Garden of the Gods#1 in Best Things To Do in Colorado Springs
It's easy to see how this natural landmark earned such an ethereal title: These magnificent red rock formations look as though deities themselves could've carved them. However, the sandstone pillars are, in fact, the work of geological activity along a natural fault line, as well as rainfall over millennia. You can learn about the garden's formations at the visitor and nature center, which houses numerous informative displays and hosts daily nature presentations. You are welcome to explore the park on your own time (either on foot or by bike); the visitor and nature center also offers guided hikes, as well as bike, Jeep, trolley and Segway tours (prices vary by vehicle and tour length). Or, if you're looking for a more authentic "Wild West" experience, you can reserve your spot on a guided horseback tour offered by Academy Riding Stables.
Because there is no admission fee if you are exploring the Garden of the Gods on your own; previous visitors recommended returning to the park throughout your time in Colorado Springs to see the rocks at different times of day. They also offered high praise for the knowledgeable staff at the visitor and nature center. Others were pleased to find out that many of the trails are paved – meaning those using strollers and wheelchairs can still access the park. If you don't want to deal with the landmark's heavy crowds, plan to arrive before 10 a.m. on a weekday.
The Garden of the Gods is located about 6 miles northwest of central Colorado Springs; the park is open every day between 5 a.m. and 10 p.m. The visitor and nature center opens its doors from 8 a.m. to 7 p.m. Memorial Day weekend to Labor Day weekend, and 8 a.m. to 5 p.m. during the winter months. Like the park, the visitor and nature center is free to visit. For more information, check out the Garden of the Gods website.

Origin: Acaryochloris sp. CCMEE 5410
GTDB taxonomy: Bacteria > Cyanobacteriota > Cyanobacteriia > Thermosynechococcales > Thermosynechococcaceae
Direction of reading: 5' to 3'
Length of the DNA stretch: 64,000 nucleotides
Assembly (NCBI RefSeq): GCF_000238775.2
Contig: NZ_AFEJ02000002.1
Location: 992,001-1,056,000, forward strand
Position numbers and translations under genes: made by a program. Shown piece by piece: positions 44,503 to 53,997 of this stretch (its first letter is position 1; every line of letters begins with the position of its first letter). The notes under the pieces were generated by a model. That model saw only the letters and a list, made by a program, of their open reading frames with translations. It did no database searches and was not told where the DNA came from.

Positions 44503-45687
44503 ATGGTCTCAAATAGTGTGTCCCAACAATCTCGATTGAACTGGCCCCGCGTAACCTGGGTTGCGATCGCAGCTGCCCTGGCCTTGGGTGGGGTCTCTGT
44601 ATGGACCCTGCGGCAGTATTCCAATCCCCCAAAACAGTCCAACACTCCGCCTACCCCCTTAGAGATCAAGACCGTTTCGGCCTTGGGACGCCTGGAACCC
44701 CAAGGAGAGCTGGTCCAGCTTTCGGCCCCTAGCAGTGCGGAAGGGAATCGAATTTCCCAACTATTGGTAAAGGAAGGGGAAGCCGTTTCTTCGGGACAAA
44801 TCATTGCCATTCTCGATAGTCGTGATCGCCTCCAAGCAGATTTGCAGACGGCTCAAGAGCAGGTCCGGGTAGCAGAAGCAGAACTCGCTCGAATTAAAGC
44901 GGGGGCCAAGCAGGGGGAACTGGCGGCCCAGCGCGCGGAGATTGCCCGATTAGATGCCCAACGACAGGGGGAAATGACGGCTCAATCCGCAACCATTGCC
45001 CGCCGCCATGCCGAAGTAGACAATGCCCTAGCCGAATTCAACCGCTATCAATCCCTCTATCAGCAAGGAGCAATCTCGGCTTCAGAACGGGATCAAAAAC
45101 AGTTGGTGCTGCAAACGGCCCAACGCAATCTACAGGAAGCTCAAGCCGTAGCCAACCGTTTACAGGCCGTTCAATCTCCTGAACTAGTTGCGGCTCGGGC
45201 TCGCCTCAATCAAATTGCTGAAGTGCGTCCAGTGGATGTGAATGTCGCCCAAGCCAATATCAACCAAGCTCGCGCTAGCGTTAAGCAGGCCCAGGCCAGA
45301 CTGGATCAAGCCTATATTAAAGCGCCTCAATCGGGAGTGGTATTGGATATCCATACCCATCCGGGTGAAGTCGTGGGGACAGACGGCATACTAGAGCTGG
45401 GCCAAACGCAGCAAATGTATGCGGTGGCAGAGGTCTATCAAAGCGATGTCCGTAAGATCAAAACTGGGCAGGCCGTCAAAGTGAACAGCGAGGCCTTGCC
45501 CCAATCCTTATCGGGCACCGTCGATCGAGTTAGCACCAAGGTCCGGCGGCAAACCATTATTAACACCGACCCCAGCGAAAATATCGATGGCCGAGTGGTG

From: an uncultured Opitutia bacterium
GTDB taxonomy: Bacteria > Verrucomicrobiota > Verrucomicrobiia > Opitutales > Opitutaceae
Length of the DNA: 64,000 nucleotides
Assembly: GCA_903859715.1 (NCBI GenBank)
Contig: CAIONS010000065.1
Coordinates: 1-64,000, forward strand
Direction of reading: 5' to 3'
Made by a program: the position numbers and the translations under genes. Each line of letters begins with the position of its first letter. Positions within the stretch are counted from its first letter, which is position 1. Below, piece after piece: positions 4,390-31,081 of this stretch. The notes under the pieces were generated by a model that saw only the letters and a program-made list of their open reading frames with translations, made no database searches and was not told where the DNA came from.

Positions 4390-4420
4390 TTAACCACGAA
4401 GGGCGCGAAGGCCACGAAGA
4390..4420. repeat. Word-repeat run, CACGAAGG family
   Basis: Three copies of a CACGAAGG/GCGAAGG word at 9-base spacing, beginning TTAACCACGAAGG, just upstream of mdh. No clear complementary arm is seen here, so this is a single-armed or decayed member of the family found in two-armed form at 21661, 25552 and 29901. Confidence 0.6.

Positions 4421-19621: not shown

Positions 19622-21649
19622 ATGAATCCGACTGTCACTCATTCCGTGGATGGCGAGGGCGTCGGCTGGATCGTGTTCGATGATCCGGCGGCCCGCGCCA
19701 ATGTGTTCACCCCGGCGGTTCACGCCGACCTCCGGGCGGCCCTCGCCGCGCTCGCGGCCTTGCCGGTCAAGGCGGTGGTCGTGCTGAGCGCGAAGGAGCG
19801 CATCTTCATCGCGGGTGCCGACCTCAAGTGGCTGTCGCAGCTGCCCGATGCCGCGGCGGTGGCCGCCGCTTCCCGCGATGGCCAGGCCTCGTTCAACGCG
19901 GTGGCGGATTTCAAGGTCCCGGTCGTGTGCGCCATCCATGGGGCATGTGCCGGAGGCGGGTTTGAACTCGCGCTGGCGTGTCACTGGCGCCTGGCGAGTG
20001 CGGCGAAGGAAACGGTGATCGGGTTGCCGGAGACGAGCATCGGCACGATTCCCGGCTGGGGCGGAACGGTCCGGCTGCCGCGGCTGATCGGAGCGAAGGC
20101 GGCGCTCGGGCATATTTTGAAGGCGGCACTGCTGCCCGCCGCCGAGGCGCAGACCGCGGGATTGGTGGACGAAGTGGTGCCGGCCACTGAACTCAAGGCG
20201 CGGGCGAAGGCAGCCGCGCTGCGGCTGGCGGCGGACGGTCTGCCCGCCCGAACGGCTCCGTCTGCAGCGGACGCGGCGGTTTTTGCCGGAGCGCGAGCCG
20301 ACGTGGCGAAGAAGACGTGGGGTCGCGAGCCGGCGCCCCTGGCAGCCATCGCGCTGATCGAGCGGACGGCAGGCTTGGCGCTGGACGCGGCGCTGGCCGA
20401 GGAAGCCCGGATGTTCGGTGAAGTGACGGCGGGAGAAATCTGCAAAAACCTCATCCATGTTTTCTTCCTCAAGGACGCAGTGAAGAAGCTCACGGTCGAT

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#2 Pikes Peak
Rising 8,000 feet above Colorado Springs, Pikes Peak – aka "America's Mountain" – has been beckoning to visitors since the 19th century. Gold brought the pioneers here, but it was the richness of the mountain's natural beauty that motivated them to stay. The views from this pink granite mountain were so stunning, they inspired Katharine Lee Bates to pen the words to the patriotic song, "America the Beautiful." Today, the famous Colorado Gold Rush slogan, "Pikes Peak or Bust," now applies to tourists: Every year, thousands of hikers tackle the climb in search of spectacular photo ops and adrenaline junkies get their fair share of thrills along the winding 19-mile Pikes Peak Highway.
No matter how you choose to reach the summit, travelers say that you would be remiss to miss a visit to Pikes Peak. But a word to the wise: You may want to skip the drive if you're afraid of heights, as recent visitors described the trek as a bit scary – though almost all are in agreement that the trip is worth it for the panoramic views. Even if you're not afraid of heights, you should drive carefully as weather conditions may make the road hazardous and the climbing altitude can make drivers feel dizzy or lightheaded. Fuel up before you start your journey – there are no gas stations along the scenic highway. You'll also want to set aside at least two to three hours to make the drive. Note: If you're visiting during peak hours (8:30 a.m. to 4 p.m.), you'll be required to take a complimentary shuttle up to the summit. Shuttles provide round-trip transportation to three parking lots. Even if you're not required to take the shuttle, many visitors suggest using it to fully enjoy the views. Because of the altitude changes, you'll want to pack layers for your journey.
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